Consumer Confidence Up Slightly, But Recession Fears Persist

By at 28 November, 2023, 9:45 pm

by Raymond J. Keating –

The latest report on consumer confidence from the Conference Board pointed to a small uptick in November.

The index registered 102.0 (1985=100), which was up from 99.1 in October, which had been revised down.

However, as the Conference Board noted, this was hardly a clear improvement in consumer views: “The Present Situation Index – based on consumers’ assessment of current business and labor market conditions – ticked down slightly to 138.2 (1985=100), from 138.6. The Expectations Index – based on consumers’ short-term outlook for income, business, and labor market conditions – rose to 77.8 (1985=100) in November, up from its downwardly revised reading of 72.7 in October.”

The Expectations Index remaining below 80 means that consumers are still expecting a recession in the coming year.

At the same time, though, those recession fears have abated “to the lowest levels seen this year.” Such movement is most welcome. However, as reported, “around two-thirds of consumers surveyed in November still perceive a recession to be ‘somewhat’ or ‘very likely’ to occur over the next 12 months.”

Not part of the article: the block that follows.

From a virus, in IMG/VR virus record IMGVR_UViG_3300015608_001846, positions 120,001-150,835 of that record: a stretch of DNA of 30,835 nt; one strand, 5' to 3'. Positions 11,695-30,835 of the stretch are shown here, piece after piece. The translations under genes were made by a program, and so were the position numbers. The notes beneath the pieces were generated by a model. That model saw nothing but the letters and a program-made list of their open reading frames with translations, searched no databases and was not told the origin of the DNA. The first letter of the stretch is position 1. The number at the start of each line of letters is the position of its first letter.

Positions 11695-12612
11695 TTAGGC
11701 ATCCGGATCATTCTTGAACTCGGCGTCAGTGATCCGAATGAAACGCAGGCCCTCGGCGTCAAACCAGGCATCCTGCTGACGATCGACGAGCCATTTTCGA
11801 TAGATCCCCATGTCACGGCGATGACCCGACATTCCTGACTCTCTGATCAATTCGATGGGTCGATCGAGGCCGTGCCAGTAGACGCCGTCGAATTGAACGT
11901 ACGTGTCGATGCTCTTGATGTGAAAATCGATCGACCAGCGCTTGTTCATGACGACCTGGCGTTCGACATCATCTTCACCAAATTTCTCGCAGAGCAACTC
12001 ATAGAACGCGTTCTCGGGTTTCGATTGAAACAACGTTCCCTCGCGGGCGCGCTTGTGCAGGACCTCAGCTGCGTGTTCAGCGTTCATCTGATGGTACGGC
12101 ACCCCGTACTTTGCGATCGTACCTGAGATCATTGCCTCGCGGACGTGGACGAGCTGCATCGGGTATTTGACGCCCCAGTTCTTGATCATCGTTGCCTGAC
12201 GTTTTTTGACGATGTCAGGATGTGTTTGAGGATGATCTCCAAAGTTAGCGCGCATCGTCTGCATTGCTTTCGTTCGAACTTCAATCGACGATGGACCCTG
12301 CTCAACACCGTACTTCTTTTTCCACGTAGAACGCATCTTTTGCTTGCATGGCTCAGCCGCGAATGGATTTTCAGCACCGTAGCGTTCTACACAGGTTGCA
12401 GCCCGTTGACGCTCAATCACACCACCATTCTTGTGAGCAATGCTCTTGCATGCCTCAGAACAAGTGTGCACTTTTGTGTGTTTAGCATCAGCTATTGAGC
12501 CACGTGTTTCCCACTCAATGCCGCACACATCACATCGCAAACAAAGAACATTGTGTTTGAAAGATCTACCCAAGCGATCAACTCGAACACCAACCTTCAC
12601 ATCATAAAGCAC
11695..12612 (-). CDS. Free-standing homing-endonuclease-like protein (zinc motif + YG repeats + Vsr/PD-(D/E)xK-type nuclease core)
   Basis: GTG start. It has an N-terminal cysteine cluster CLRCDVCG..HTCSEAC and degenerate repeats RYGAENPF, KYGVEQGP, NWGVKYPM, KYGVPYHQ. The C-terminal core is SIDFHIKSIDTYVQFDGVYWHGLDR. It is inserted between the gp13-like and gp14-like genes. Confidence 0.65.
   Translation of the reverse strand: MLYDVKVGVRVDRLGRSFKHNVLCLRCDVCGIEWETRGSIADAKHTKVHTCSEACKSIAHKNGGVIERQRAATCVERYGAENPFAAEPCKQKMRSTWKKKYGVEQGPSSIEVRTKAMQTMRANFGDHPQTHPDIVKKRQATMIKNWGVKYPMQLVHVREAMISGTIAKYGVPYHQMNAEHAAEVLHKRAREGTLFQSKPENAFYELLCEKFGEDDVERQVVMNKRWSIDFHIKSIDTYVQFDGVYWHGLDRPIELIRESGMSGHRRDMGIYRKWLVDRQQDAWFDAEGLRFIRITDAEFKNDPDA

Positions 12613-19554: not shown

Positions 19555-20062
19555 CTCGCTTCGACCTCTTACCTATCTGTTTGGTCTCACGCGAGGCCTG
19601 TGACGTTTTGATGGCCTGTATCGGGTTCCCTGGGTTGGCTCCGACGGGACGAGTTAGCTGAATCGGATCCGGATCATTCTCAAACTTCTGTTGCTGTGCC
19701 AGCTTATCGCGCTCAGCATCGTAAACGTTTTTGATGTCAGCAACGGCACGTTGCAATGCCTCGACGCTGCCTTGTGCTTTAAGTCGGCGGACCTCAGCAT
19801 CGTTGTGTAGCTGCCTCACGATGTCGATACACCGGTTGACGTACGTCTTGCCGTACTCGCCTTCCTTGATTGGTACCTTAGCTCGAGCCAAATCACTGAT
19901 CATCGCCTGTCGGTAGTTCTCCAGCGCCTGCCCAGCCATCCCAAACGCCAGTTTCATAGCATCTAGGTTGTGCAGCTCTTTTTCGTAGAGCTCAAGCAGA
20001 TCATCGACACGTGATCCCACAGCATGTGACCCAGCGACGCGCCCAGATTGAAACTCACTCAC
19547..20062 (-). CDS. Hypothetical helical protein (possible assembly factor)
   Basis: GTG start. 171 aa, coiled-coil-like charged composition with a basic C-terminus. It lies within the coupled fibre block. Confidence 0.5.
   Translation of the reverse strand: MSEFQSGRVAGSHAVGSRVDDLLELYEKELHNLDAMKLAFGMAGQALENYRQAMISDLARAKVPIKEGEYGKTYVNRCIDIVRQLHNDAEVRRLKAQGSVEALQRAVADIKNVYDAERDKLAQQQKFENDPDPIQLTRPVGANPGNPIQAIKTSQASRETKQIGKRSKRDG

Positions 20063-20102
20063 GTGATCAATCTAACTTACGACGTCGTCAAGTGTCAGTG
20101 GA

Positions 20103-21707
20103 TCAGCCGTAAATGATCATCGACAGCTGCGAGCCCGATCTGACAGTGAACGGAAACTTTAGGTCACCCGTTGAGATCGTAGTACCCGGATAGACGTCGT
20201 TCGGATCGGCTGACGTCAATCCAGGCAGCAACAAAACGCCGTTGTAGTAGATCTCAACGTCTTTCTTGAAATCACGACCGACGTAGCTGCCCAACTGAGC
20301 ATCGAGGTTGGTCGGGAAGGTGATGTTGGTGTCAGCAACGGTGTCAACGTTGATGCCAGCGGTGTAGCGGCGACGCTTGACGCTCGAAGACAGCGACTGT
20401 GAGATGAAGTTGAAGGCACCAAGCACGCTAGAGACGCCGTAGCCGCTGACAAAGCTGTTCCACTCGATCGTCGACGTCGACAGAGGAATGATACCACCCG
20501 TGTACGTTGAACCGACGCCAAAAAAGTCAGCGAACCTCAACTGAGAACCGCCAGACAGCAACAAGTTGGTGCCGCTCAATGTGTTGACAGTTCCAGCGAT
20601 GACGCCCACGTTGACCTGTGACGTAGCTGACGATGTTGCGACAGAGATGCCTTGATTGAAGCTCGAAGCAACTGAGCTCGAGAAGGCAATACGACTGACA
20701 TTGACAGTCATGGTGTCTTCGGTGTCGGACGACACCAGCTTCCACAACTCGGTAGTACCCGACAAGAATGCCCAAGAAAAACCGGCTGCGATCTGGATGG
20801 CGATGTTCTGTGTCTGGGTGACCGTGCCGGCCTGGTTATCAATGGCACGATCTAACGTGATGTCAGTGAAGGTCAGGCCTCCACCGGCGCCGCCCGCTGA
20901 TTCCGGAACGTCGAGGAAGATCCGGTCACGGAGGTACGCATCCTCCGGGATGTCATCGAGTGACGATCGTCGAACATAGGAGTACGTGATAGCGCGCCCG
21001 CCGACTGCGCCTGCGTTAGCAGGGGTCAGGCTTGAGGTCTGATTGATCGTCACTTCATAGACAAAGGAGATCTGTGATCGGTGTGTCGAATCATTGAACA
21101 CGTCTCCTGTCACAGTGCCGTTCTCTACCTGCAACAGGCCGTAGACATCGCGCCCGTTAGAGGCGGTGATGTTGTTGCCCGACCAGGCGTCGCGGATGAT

Dana Peterson, chief economist at The Conference Board, highlighted an interesting point: “November’s increase in consumer confidence was concentrated primarily among householders aged 55 and up; by contrast, confidence among householders aged 35-54 declined slightly.”

Especially as we delve deeper into the Christmas holiday shopping season, measures of consumer attitudes come into greater focus, and justifiably so. At the same time, it should be kept in mind that surveys of consumer attitudes and actual consumer actions can, and often do, diverge. So, this measure of consumer confidence must be placed alongside other measures of economic activity in order to get a full picture of the state of our economy.

Raymond J. Keating is chief economist for the Small Business & Entrepreneurship Council. His latest books on the economy are The Weekly Economist: 52 Quick Reads to Help You Think Like an Economist and The Weekly Economist II: 52 More Quick Reads to Help You Think Like an Economist.


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